Event organizer Sylvie Chabot, 54, of Montreal, Quebec, Canada, said dozens of women and male supporters gathered Sunday in Central Park to shed their tops and march on Central Park South to mark National Go-Topless Day, the New York Daily News reported Monday.
A 1992 ruling by the state Supreme Court made New York the only state where it is legal for a woman to go topless in public. However, the protesters said authorities do not always abide by the 1992 ruling. Artist Jill Coccaro was arrested in 2005 for exposing her breasts on a city street and was held for 12 hours, despite citing the ruling to the arresting officers. Coccaro filed a lawsuit against the city that was settled for $29,000.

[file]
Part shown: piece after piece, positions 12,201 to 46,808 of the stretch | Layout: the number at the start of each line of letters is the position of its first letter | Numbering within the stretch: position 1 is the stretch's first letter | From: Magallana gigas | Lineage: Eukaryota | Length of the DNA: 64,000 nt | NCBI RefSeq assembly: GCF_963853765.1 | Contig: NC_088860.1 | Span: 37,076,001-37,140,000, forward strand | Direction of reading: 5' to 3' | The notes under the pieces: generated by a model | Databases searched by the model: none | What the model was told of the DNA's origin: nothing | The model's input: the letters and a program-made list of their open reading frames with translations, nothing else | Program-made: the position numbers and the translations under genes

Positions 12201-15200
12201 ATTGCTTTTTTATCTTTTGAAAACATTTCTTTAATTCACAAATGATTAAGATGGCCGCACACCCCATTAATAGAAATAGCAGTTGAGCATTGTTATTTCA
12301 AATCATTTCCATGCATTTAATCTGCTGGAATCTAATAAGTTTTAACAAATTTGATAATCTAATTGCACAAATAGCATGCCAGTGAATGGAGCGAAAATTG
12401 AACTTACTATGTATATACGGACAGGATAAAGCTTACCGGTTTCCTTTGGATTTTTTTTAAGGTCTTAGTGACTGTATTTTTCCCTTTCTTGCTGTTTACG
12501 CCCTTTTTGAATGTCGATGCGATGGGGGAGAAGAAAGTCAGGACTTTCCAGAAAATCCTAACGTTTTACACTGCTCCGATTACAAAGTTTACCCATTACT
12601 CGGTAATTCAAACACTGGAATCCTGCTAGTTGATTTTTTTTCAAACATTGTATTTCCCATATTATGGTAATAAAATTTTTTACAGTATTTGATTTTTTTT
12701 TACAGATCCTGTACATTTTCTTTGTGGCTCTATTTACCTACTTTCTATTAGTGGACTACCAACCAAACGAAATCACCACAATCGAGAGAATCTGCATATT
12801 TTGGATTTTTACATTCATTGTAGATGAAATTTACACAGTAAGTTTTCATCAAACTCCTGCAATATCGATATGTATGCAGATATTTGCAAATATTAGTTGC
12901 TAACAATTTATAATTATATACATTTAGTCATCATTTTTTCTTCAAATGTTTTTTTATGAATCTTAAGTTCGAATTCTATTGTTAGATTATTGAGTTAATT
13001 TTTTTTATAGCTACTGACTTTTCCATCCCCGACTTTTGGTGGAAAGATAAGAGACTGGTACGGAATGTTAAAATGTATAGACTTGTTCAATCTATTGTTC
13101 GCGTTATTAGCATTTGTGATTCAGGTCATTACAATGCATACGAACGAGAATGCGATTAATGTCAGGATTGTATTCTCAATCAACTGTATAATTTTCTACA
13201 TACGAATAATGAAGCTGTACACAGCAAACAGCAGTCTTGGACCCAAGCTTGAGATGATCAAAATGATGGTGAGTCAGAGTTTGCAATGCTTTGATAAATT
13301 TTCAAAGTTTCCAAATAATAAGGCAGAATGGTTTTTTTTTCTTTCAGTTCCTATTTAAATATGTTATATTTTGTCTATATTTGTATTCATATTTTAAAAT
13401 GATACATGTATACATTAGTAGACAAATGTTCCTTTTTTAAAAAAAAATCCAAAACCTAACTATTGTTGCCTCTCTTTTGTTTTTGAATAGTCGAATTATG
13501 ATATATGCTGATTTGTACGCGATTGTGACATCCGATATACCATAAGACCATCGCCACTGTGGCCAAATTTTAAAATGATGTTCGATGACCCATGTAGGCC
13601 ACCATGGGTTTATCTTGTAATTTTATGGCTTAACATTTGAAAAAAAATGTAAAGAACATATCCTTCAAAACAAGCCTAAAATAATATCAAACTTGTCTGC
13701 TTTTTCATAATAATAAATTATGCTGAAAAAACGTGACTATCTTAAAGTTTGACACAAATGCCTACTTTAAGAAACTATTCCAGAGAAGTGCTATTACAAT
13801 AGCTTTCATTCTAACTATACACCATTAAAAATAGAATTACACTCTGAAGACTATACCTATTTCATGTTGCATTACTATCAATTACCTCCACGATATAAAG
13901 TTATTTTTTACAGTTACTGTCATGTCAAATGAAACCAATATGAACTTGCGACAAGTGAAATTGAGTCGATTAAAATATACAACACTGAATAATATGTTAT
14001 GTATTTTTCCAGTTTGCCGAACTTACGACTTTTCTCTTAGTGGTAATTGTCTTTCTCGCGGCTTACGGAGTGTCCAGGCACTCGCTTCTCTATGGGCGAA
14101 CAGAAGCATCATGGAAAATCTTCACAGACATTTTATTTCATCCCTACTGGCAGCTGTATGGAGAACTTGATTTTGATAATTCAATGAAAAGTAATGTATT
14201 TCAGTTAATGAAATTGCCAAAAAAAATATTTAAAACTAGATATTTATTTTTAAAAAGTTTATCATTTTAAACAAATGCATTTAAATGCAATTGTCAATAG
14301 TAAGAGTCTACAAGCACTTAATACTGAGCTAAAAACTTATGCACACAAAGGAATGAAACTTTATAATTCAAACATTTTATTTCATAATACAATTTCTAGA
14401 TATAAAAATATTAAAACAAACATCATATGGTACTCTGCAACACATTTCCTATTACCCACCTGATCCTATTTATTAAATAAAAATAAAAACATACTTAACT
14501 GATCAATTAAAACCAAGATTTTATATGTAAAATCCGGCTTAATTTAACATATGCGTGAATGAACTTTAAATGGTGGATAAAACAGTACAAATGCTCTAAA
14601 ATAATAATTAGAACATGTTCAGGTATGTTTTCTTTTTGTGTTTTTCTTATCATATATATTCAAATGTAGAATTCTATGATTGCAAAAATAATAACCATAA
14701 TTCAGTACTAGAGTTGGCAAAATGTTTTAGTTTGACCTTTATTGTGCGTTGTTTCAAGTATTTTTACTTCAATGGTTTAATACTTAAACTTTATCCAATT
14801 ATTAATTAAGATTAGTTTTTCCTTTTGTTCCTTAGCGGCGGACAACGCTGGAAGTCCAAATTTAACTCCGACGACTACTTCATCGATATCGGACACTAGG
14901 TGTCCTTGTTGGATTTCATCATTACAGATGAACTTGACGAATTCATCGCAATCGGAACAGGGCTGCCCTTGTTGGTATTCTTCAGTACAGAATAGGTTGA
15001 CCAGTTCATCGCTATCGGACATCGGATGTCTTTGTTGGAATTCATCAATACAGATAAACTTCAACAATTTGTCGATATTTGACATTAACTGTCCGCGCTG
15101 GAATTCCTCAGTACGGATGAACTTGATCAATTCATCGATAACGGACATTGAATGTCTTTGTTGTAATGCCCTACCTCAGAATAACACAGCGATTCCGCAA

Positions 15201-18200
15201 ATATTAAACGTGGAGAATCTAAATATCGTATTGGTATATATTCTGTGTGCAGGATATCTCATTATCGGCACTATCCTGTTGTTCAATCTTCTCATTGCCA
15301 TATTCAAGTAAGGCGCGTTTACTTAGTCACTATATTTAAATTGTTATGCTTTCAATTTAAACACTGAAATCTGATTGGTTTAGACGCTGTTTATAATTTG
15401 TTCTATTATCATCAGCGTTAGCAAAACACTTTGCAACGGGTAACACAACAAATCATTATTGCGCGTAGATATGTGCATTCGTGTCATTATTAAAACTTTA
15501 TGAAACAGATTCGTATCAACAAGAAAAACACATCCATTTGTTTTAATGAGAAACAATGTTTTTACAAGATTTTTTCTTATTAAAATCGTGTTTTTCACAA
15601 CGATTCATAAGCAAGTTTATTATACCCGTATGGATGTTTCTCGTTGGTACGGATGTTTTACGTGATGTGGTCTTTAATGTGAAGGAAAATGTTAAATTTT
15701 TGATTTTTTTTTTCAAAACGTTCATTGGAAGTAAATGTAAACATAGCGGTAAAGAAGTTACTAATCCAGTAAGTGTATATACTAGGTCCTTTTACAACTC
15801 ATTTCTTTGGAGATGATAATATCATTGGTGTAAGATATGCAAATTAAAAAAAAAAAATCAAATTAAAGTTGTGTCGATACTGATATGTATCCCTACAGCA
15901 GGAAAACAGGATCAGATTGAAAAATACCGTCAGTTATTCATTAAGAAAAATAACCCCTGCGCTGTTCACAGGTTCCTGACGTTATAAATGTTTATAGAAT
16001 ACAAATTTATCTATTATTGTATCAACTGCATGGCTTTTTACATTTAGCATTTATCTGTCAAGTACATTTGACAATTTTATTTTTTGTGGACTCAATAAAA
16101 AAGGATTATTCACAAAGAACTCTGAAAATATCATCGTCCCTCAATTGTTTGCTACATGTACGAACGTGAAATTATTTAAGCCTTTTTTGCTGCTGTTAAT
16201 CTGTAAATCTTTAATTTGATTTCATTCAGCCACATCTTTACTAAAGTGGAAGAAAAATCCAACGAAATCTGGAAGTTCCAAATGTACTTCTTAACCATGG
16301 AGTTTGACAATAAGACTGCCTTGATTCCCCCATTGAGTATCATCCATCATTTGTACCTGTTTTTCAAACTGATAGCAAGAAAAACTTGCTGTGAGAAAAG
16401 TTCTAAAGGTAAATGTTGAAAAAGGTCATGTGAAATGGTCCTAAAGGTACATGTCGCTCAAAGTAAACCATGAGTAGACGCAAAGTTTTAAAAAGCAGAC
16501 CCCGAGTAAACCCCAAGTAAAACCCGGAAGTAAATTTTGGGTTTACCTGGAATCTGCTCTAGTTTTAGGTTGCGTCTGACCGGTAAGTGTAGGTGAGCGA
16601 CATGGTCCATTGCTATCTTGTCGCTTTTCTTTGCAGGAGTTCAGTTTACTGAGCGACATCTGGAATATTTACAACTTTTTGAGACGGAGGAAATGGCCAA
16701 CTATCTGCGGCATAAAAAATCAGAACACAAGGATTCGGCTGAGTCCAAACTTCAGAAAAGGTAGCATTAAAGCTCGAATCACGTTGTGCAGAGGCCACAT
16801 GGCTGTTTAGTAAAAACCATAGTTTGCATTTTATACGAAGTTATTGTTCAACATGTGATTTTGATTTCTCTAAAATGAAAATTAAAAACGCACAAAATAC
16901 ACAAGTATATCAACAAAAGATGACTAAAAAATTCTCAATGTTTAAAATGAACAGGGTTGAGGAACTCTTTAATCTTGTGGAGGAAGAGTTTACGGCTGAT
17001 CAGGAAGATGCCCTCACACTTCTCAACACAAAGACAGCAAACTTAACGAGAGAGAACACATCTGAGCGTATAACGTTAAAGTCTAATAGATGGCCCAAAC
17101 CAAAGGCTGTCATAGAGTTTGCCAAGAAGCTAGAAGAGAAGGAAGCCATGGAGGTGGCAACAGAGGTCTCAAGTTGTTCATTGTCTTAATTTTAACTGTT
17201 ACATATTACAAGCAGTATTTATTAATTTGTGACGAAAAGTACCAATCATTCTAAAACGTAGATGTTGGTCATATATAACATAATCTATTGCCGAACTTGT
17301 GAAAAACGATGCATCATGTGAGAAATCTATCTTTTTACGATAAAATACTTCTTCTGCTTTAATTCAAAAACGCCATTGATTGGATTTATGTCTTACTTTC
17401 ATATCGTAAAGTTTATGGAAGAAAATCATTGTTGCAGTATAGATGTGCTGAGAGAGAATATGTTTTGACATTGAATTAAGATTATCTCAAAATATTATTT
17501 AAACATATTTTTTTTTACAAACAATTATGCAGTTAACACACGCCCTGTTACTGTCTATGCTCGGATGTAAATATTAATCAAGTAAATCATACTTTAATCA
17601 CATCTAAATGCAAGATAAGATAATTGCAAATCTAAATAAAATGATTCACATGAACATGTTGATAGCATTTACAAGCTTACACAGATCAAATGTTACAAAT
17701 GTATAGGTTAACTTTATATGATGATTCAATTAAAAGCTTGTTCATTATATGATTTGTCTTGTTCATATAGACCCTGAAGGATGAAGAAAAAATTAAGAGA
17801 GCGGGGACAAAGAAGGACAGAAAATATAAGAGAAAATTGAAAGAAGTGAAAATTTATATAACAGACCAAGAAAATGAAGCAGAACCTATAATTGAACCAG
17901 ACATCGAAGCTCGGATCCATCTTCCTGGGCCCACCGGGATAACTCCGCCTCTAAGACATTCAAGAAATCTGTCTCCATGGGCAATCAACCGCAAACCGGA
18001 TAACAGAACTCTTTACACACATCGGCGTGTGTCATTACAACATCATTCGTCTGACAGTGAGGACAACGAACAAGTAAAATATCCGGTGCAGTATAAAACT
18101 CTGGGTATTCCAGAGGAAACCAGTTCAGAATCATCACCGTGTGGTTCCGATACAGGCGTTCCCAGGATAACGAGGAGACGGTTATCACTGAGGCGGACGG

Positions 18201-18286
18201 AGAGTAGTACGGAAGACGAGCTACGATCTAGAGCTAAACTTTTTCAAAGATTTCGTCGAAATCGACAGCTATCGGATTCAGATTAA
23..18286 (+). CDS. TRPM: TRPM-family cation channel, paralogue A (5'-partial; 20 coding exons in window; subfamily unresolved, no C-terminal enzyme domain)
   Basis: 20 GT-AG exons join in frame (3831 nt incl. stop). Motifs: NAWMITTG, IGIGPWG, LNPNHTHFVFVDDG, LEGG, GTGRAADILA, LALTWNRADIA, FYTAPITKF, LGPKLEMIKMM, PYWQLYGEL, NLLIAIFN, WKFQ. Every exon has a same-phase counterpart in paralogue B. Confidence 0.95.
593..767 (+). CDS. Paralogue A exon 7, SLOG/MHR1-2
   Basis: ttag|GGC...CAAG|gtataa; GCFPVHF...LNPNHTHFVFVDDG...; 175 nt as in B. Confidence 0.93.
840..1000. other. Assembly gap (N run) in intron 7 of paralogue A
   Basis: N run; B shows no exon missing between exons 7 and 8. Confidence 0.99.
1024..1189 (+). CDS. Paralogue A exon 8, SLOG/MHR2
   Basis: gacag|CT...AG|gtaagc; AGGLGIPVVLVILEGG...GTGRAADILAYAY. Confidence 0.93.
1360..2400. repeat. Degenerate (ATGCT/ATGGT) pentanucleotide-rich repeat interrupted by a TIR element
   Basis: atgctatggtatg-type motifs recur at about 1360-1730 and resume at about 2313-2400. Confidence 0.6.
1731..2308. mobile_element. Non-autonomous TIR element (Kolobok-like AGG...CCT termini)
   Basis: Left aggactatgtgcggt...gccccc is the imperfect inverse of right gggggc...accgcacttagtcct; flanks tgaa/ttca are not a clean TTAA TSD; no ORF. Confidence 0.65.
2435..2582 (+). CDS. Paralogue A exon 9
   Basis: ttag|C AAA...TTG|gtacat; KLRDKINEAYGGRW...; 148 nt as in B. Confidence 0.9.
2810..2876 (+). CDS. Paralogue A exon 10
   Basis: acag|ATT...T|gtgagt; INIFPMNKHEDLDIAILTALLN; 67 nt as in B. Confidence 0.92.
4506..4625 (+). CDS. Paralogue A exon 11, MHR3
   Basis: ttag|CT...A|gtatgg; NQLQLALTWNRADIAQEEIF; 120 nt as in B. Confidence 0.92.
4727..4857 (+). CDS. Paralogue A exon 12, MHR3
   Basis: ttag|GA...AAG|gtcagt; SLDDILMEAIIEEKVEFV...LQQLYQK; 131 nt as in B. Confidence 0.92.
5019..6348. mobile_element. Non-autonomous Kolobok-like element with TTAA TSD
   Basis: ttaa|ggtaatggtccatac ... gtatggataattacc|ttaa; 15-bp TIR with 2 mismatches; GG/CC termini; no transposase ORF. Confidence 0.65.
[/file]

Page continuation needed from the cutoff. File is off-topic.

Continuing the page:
"We're all here for the same reason -- to allow women to be free in the park like men," Chabot told the crowd.
Organizers said a petition asking the U.S. Congress to relax nudity laws was circulated at the event and will be presented to legislators on next year's National Go-Topless Day.